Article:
Prolific natural gas production from the Marcellus Shale in Pennsylvania and oil from the Bakken Shale in North Dakota has upended the traditional flow of oil and gas as new areas become hubs for fuel supplies, U.S. energy Secretary Ernest Moniz said Monday at Carnegie Mellon University.
Now, the Department of Energy is looking for recommendations on how to get that energy supply to consumers who will use it to heat their homes, power their lights and fuel their vehicles. But at the public meeting Monday morning, some questioned whether the federal government is focusing on fossil fuels at the expense of renewable sources and challenged the speakers on federal subsidies of oil and gas.
Mr. Moniz said the need to find better ways to link supply and demand is evidenced by railroads now being used to transport oil because there are too few pipelines. The use of rail to move crude oil has come under fire in the wake of a number of accidents.
It also was evidenced this past winter, when the polar vortex drove spikes in the price of natural gas in New York and New England, Mr. Moniz said.
“In New England, a major part of that was the lack of infrastructure in getting energy from here to there. Propane in upper Midwest, there was a huge problem, an infrastructure problem,” Mr. Moniz said. “How do you know? The price differential between the two big hubs in Texas and Kansas was huge because you couldn’t move it easily north.”
Mr. Moniz made his remarks during the DOE’s Quadrennial Energy Review, which is part of President Barack Obama’s Climate Action Plan. The meeting in Pittsburgh was one of more than a dozen to be held across the country to gather recommendations on infrastructure improvements.
In a few weeks, the DOE will hold a public meeting in Bismark, N.D.
“Pennsylvania and North Dakota highlight one of the very important features of this shale gas and oil revolution, namely that we are seeing booming production in areas that, at least not in the recent past, have been major centers of production,’” Mr. Moniz said. “With that comes infrastructure challenges that have to catch up with a whole bunch of issues that come with gas and oil flowing in very different directions from source to market.”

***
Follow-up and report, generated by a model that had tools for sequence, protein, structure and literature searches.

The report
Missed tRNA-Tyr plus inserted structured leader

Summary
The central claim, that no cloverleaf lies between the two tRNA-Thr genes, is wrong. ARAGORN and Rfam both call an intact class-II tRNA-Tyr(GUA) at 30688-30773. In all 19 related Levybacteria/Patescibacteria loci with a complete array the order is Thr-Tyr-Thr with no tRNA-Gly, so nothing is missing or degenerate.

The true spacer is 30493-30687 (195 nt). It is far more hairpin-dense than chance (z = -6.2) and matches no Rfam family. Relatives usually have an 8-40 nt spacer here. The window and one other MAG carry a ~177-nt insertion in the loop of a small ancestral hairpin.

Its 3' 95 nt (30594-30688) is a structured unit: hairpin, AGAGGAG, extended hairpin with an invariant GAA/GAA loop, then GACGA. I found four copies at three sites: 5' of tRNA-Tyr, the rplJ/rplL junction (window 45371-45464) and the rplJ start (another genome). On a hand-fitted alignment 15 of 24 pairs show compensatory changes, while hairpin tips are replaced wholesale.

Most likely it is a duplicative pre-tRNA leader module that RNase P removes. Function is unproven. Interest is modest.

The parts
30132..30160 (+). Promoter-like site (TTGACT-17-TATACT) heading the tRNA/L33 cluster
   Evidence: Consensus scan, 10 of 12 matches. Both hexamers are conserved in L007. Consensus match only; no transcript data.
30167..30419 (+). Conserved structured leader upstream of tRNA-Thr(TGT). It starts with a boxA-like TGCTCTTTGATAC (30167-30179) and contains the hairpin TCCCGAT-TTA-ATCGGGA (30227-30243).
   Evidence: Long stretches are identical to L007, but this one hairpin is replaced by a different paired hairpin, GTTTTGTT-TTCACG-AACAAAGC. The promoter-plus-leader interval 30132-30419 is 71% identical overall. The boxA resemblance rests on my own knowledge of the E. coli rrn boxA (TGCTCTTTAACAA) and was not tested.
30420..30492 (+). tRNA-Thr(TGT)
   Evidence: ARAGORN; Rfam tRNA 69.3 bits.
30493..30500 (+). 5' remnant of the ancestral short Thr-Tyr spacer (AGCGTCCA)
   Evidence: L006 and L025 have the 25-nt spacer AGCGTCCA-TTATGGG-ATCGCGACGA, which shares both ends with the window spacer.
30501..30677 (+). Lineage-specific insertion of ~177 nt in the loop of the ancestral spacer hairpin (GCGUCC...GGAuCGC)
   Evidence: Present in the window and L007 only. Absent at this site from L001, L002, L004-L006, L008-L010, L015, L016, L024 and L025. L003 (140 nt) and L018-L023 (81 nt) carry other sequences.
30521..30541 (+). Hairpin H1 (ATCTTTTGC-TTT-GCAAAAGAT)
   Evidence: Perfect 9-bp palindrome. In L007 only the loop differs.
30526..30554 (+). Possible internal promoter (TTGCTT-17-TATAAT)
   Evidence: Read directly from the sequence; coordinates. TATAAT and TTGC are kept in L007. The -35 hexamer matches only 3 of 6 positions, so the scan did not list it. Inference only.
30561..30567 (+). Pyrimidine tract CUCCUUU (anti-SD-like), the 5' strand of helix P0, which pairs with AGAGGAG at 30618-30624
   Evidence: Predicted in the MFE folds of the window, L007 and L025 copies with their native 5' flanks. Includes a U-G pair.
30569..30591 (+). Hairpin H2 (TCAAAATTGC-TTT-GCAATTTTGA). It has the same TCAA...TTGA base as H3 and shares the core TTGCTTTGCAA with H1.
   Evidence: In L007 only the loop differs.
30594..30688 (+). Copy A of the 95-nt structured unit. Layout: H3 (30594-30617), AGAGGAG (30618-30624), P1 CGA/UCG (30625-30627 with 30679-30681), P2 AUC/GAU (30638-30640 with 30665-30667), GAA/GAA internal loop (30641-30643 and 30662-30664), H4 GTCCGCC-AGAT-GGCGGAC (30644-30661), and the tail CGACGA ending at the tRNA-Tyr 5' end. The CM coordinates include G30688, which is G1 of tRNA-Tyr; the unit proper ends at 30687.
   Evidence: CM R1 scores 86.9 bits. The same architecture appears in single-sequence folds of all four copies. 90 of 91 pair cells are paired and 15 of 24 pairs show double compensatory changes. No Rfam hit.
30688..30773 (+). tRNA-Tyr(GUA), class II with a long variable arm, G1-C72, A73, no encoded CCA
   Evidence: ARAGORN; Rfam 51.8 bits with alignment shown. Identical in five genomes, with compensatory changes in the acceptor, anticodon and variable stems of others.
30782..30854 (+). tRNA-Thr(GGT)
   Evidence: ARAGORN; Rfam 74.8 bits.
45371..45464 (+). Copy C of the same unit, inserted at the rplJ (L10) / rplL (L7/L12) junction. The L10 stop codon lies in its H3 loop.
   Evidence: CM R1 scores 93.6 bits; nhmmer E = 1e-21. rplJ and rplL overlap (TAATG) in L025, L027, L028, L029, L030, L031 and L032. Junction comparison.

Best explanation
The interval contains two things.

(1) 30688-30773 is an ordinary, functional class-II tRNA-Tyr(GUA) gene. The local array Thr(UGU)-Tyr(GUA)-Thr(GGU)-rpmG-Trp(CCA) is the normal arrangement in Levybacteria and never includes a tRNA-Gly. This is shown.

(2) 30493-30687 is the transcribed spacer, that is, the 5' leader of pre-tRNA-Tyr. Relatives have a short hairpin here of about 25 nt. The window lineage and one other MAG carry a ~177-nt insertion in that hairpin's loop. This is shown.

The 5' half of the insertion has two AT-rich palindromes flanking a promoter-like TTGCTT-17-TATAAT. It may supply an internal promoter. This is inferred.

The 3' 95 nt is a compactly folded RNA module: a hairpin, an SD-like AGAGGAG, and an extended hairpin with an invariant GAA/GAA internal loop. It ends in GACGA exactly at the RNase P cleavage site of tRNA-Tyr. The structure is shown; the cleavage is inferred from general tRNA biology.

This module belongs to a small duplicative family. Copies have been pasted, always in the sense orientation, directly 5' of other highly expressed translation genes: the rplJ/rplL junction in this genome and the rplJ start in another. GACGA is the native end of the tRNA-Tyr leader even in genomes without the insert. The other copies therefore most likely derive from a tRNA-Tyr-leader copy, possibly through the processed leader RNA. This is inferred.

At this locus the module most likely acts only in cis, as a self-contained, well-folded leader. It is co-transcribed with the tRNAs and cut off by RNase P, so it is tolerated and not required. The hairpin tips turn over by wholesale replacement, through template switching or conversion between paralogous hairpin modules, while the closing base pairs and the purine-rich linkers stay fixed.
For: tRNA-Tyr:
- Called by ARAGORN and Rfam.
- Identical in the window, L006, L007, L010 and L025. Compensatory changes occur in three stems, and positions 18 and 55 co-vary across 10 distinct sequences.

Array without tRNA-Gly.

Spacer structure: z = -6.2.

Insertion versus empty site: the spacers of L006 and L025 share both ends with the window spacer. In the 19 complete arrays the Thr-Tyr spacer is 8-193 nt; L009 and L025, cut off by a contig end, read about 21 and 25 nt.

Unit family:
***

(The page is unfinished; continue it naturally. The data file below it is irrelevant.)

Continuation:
During a public comment period, Patricia DeMarco, a visiting research fellow in the Institute for Green Sciences at CMU, questioned whether Marcellus gas is being used as a bridge fuel to renewable or seen as an end in itself.
“The market signals are extremely distorted from a long accumulation of subsidies, incentives and policies that favor fossil fuels over renewable and sustainable fuels,” Ms. DeMarco said. “My concern is that we continue to build and solidify infrastructure on a fossil fuel base without making adequate arrangements for an active transition to a renewable future.”
Mr. Moniz defended the administration’s position on renewable energy, saying the president has “been pushing very hard on the issue of fossil subsidies.”
He also cited the DOE’s guarantee of loans to the first five utility scale photovoltaic plants. “Ten more are being supported entirely through private resources, which is the kind of thing we want to do — get something started and get the private sector to pick it up.”
Still, Mr. Moniz said many efforts require statutory change.
“The climate action plan has us pursuing what we can do administratively while hoping that we will be able to work with Congress on statutory change.
Rep. Tim Murphy, R-Upper St. Clair, who also spoke on the panel, said that many of his constituents are in coal country in Greene and Washington counties.
“They are very concerned as coal mines and coal-fired power plants are shutting down. I’m not a believer that you simply tax one group to their demise,” Mr. Murphy said. “I believe in an all-of-the-above energy policy, and clean coal technology” is part of that.
“I don’t want to get in a circular firing squad where everyone says, ‘I want to shoot the other person and make sure my energy source continues to grow.’ We need a policy that favors all of those,” Mr. Murphy said. “These are real families with real concerns. When you’re facing poverty, you don’t care about the environment anymore and that’s a serious problem.”
This is the first year of the four-year energy review by the DOE. In coming years, the department will also look at power generation, end-use infrastructure and energy efficiency.
Stephanie Ritenbaugh: firstname.lastname@example.org or 412-263-4910. First Published July 21, 2014 10:16 PM